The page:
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New innovations showcased on UK Pavilion at MEE 2014

One of IPECs portable spot-test systems in use. (Image source: IPEC)

The UK Pavilion at Middle East Electricity once again proved to be a hive of activity, with many companies displaying new products and innovations

Enjoying its first visit to MEE was IPEC, a specialist in on-line partial discharge (PD) testing of medium voltage and high voltage plant.

?At the moment, the Middle East is a real up-and-coming area for us,? said Carl Eastham, Business Development Manager at IPEC. ?In particular we?re getting a lot of traction with the portable partial discharge spot test devices.?

Having specialised in permanent monitoring systems, the Manchester-based company?s portable spot test systems, such as the PD-SGS, have proved particularly in the region.

?The SGS is dedicated to investigating partial discharge on medium voltage switchgear, 11kV to 33kV,? said Eastham.

?We?ve been involved in tenders in Saudi Arabia and then we just completed a big order into Qatar. In the Middle East they?re particularly interested in portable spot-test systems.?

IPEC, which is celebrating its 20th year, used MEE as a forum to raise its profile within the region. The Manchester-based company increased its turnover by 50 per cent last year, largely fuelled by portable system sales.

"We're a growing company," said Eastham. "In the Middle East service is key. The utility companies here don't just want products, they want the service that goes along with it.

"So we've recently doubled the size of our service team so we can offer better service and get people on the ground."

Middle East Electricity formed the first event that Instrument Transformers had displayed its new product line of medium voltage, resin cast transformers.

The company, which is historically known for its low voltage products, has been in business for more than 40 years and manufactures all of its products within the UK.

"We currently have three ranges of products: single phase, three phase and we also have an outdoor range," said Paul Munro, Marketing Director at Instrument Transformers.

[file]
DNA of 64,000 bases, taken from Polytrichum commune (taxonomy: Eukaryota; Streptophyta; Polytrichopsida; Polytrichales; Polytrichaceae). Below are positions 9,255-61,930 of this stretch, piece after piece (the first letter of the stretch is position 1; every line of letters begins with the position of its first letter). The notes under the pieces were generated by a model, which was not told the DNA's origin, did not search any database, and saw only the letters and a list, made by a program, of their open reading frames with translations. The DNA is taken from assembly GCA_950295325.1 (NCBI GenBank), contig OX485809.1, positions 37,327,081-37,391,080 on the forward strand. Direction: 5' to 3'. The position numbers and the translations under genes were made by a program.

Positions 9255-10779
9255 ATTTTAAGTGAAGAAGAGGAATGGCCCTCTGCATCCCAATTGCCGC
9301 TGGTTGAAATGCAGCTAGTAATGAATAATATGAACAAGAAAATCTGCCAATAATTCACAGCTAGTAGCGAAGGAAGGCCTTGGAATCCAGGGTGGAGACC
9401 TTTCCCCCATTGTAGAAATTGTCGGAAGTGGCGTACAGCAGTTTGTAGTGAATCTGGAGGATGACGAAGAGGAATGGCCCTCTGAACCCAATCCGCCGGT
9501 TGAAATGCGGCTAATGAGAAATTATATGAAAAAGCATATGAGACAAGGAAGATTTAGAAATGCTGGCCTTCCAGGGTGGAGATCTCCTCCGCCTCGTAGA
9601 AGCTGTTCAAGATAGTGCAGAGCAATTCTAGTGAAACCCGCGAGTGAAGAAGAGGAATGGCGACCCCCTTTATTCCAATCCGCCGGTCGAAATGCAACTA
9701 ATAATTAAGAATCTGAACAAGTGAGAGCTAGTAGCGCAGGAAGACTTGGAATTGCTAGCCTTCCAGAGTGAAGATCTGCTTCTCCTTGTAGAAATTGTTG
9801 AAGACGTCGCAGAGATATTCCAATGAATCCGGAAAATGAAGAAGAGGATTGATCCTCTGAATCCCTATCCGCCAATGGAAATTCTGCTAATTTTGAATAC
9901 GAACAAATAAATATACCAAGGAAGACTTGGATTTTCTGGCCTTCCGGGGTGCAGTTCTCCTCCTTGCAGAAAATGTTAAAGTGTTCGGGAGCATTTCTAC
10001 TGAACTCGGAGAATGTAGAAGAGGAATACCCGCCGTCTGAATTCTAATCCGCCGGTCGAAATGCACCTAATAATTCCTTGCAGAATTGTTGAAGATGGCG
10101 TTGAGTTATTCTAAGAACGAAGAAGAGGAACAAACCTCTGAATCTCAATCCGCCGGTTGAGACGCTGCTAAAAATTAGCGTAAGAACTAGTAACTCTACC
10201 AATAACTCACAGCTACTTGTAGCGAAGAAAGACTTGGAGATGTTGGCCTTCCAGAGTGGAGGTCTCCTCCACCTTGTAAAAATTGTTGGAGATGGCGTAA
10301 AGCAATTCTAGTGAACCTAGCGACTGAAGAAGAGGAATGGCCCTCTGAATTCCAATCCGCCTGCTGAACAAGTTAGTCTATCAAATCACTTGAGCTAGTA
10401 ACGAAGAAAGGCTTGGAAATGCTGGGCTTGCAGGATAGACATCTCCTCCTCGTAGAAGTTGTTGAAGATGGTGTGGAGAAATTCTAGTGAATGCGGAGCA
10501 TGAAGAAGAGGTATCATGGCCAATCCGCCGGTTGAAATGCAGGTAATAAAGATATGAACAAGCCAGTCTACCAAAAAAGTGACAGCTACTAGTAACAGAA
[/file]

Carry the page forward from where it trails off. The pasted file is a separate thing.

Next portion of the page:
"Our medium voltage three-phase unit is generally used in the UK only but with so many UK companies having a presence here, the standards and products that they use are almost automatically integrated into their equipment here.

"Rather than ship all the way from their UK base, the local facility can actually order directly from us so it cuts out the hassle and the lead time for a lot of them and they can interact directly with us."

Munro added that Instrument Transformers, which supplies products for industrial, petrochemical and power infrastructure applications, recently doubled its factory size in the UK.

"That was all part of expanding our presence," he explained. "So although the markets have been depressed, we've invested heavily in capital plant, equipment, design; all the elements that will make us more successful in the future."

The company currently gets 15 to 20 per cent of its business from the region.

"With the amount of business that is here, we could do significantly better and adding these new products will certainly help us," added Munro.

Another company unveiling a new product range was Broyce Control, which plans to release a new product on to the market every single month.

"We're launching a whole new 17.5 mm range of products at the moment which are microprocessor based," said David Gough, Director of Broyce Control.

"Our multifunction timer has a wider supply range than all of our competitors at the moment that we're aware of."

The company's new releases, which amount to around 20 products, include three phase monitors as well as voltage and current control relays.

"We invest 10 per cent of our turnover into R&D for developing new products," said Gough. "The idea is we're launching one new product every month at the moment."

Broyce Control, which celebrated its 50th year last year, does a lot of bespoke, customer-specific work.

"Most of our designs are customer driven, which is why we put such a focus on our R&D department," said Gough.

"Over 70 per cent of our production is actually exported these days to the Middle East and the Far East, which are very key areas of ours."

As in previous years, the UK pavilion at Middle East Electricity 2014 was managed by BEAMA, the UK electrotechnical trade industry association.